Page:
The happenings at the Campa Cola compound in Worli, Mumbai depicts the sad saga of the Indian middle class and the poor who always have to bear the brunt of social injustices. I recently underwent a traumatic experience when wanting to buy a flat. I had to apply for a loan and was told by my lawyer and bank manager that the papers were not in order. The most important document, the no-objection certificate, was missing. To my surprise, the builder brushed my concerns aside and said he would find me an agent to get the loan; he had used such a strategy to get loans for other buyers. Later, I got to know that a politician was a partner in the building project. How this was possible was beyond me but it only showed that there are loopholes and the citizen has to bear the brunt in case of wrongdoing. I understand what the residents of the Worli complex must be facing.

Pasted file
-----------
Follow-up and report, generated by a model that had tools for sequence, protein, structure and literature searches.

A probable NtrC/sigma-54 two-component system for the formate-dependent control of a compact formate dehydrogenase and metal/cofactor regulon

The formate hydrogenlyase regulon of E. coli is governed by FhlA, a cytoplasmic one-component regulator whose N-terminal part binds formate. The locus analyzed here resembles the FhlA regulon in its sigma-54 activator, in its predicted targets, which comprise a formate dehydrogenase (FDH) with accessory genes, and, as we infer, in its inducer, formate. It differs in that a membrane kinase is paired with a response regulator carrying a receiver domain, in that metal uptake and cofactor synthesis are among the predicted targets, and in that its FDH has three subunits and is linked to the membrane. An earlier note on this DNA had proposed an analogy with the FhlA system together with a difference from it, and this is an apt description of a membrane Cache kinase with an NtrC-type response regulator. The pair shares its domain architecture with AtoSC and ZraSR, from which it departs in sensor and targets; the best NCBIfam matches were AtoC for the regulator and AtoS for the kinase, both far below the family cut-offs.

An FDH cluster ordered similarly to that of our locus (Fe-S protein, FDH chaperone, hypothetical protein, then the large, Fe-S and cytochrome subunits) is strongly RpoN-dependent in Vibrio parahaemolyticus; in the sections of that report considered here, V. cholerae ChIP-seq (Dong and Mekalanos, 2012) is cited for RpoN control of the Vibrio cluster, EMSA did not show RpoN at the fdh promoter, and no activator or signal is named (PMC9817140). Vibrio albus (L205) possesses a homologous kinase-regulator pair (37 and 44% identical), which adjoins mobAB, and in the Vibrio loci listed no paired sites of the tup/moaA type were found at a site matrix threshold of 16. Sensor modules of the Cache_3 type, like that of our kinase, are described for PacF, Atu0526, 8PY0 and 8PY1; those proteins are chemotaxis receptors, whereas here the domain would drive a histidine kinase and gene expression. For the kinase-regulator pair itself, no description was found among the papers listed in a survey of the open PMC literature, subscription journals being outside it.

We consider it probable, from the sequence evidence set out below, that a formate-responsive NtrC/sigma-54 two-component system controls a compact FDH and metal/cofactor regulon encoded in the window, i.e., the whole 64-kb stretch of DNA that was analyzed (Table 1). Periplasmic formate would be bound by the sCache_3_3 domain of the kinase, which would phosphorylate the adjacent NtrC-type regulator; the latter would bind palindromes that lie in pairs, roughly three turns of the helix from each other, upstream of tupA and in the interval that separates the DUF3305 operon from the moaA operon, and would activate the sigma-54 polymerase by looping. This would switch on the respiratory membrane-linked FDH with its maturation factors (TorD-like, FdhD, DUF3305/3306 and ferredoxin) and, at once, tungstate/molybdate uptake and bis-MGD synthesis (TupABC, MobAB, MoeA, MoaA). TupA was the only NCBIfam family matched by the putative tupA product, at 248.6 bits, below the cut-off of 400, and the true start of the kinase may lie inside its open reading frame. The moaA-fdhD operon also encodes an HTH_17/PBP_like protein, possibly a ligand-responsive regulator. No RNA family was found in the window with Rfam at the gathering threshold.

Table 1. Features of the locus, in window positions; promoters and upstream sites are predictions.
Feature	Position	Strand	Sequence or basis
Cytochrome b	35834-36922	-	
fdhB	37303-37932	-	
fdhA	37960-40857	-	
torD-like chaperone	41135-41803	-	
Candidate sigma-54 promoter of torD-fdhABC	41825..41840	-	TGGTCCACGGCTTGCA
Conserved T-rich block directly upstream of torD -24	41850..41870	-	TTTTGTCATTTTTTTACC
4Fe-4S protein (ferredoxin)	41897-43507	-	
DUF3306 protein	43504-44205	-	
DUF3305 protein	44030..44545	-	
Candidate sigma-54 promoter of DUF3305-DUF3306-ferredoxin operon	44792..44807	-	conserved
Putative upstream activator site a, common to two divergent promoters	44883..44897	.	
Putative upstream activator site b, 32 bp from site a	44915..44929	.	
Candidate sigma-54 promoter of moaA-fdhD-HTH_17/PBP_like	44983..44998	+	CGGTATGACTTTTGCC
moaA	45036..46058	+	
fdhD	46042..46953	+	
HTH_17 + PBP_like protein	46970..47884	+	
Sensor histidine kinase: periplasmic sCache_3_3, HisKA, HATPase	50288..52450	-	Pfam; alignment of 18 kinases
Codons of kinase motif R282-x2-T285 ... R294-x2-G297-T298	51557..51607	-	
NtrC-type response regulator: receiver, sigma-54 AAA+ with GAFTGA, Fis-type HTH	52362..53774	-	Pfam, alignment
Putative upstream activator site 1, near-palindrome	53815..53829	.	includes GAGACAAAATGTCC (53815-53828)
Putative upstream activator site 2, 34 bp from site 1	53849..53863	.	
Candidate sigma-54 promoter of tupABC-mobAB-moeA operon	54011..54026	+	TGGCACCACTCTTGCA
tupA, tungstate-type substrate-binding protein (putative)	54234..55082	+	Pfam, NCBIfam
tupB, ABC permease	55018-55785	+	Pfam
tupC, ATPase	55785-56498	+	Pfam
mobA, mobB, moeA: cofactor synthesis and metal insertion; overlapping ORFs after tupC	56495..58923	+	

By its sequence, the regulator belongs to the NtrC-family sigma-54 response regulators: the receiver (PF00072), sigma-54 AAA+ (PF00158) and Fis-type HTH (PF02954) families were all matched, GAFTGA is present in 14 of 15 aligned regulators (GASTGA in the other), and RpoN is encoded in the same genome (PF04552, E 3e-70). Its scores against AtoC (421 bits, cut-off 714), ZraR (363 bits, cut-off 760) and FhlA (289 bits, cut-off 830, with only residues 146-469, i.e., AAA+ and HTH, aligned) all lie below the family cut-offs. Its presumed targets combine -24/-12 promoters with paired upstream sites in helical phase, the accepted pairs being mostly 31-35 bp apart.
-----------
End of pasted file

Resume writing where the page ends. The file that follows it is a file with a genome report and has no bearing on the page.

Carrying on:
Josephine Joseph,


It is well known that builders are involved in various irregularities in order to maximise their profits. I am sure that a survey across India will reveal many such Campa Cola compounds; such protests are bound to grow if illegal constructions are not caught in time and the guilty punished.

But is regularising really a solution? There is also some truth in the argument that these people/residents are not considered a potential vote bank. The fact that the Aadarsh building still stands is ironic.

Sweety Gupta,

New Delhi

Keywords: Campa Cola

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